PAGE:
Boulder Valley Comprehensive Plan: buy open space yourself, don’t tax others

If you want open space, buy it. Don’t tax others.

Billboards tarnish the Flatirons while houses climb the foothills to meet them. This is what “city planners believe the Flatirons could look like today if the city had not enacted restrictive land-use policies,” reported the Daily Camera. Boulder’s Department of Community Planning and Sustainability spent your tax dollars on such images to convince residents that only its authoritarian land-use restrictions can prevent such a dystopian scene.

Not so. For over a hundred years private land trusts have preserved open space — not with government force — but through voluntary cooperation and donations.  The Land Trust Alliance lists 34 local Colorado land trusts.  “Land trusts have protected over 1.57 million acres in Colorado, more than 80% of all conserved land,” reports the Colorado Coalition of Land Trusts. This is four times the acreage that local Colorado governments restrict through forced open space policies.

Leonard May of PLAN-Boulder County refers to those with a “philosophical objection to (government and) restrictions” to whom he “can’t explain” the benefits of open space. He ignores the difference between preserving open space through land trusts versus doing so through legal restrictions.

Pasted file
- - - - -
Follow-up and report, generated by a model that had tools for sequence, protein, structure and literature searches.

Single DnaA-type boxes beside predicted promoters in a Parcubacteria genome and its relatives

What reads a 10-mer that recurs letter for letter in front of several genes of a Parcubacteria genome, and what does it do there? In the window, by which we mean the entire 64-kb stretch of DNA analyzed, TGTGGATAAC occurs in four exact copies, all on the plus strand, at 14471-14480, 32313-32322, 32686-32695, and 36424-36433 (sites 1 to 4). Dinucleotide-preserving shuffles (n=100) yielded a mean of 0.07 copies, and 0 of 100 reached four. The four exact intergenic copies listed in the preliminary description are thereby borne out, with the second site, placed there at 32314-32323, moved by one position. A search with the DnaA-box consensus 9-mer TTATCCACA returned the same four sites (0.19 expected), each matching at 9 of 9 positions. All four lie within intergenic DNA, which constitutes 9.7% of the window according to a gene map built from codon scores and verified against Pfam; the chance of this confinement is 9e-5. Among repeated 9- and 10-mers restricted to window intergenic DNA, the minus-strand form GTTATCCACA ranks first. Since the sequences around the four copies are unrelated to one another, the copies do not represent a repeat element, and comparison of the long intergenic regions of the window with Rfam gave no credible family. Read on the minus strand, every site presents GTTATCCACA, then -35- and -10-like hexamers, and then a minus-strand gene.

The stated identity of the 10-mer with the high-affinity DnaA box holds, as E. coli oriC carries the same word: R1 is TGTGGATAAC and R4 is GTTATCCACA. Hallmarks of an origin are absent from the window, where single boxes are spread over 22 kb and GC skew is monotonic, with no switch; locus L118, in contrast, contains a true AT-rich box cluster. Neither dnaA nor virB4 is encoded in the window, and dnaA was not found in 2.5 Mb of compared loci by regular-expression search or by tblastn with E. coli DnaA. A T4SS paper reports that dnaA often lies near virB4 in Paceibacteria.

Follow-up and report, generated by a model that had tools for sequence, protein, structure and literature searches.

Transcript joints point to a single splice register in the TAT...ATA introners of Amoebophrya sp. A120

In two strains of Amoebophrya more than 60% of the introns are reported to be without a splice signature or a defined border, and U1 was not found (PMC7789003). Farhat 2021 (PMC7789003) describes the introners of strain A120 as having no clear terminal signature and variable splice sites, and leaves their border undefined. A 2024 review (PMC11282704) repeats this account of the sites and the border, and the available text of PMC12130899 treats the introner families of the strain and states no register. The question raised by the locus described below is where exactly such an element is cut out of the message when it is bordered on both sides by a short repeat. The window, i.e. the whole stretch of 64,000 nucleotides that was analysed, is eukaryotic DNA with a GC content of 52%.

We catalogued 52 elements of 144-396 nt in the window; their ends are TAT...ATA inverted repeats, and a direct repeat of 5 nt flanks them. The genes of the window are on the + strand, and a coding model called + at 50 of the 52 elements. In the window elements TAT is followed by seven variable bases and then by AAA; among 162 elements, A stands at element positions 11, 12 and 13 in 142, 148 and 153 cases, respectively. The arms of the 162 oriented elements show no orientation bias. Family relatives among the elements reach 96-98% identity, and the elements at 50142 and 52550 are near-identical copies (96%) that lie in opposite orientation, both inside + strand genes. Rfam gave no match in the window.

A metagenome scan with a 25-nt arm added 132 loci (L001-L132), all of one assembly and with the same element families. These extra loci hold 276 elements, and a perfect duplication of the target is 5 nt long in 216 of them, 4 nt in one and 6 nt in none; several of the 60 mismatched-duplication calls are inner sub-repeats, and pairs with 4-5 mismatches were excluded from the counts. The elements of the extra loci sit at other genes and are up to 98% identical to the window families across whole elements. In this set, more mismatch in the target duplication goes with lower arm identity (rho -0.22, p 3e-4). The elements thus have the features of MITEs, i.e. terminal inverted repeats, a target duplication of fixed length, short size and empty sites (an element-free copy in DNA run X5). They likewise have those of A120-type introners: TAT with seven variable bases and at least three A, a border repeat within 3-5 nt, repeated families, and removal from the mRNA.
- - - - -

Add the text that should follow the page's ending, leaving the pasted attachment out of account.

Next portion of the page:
Land trusts depend on voluntary cooperation, taking responsibility for promoting one’s own values, and respecting the rights of others to pursue theirs. Compare this with government-enforced open space, which forces everyone, willing or not, to fund it. It’s elitist legislation that effectively excludes poor residents from town by propping up homeowners’ property values.

The Boulder Daily Camera printed this article on December 4, 2010.

For more on open spacing and planning, see the work of Randal O’Toole and R.J. Smith.

Photo credit: The Daily Camera article on the Boulder Valley Comprehensive Plan.


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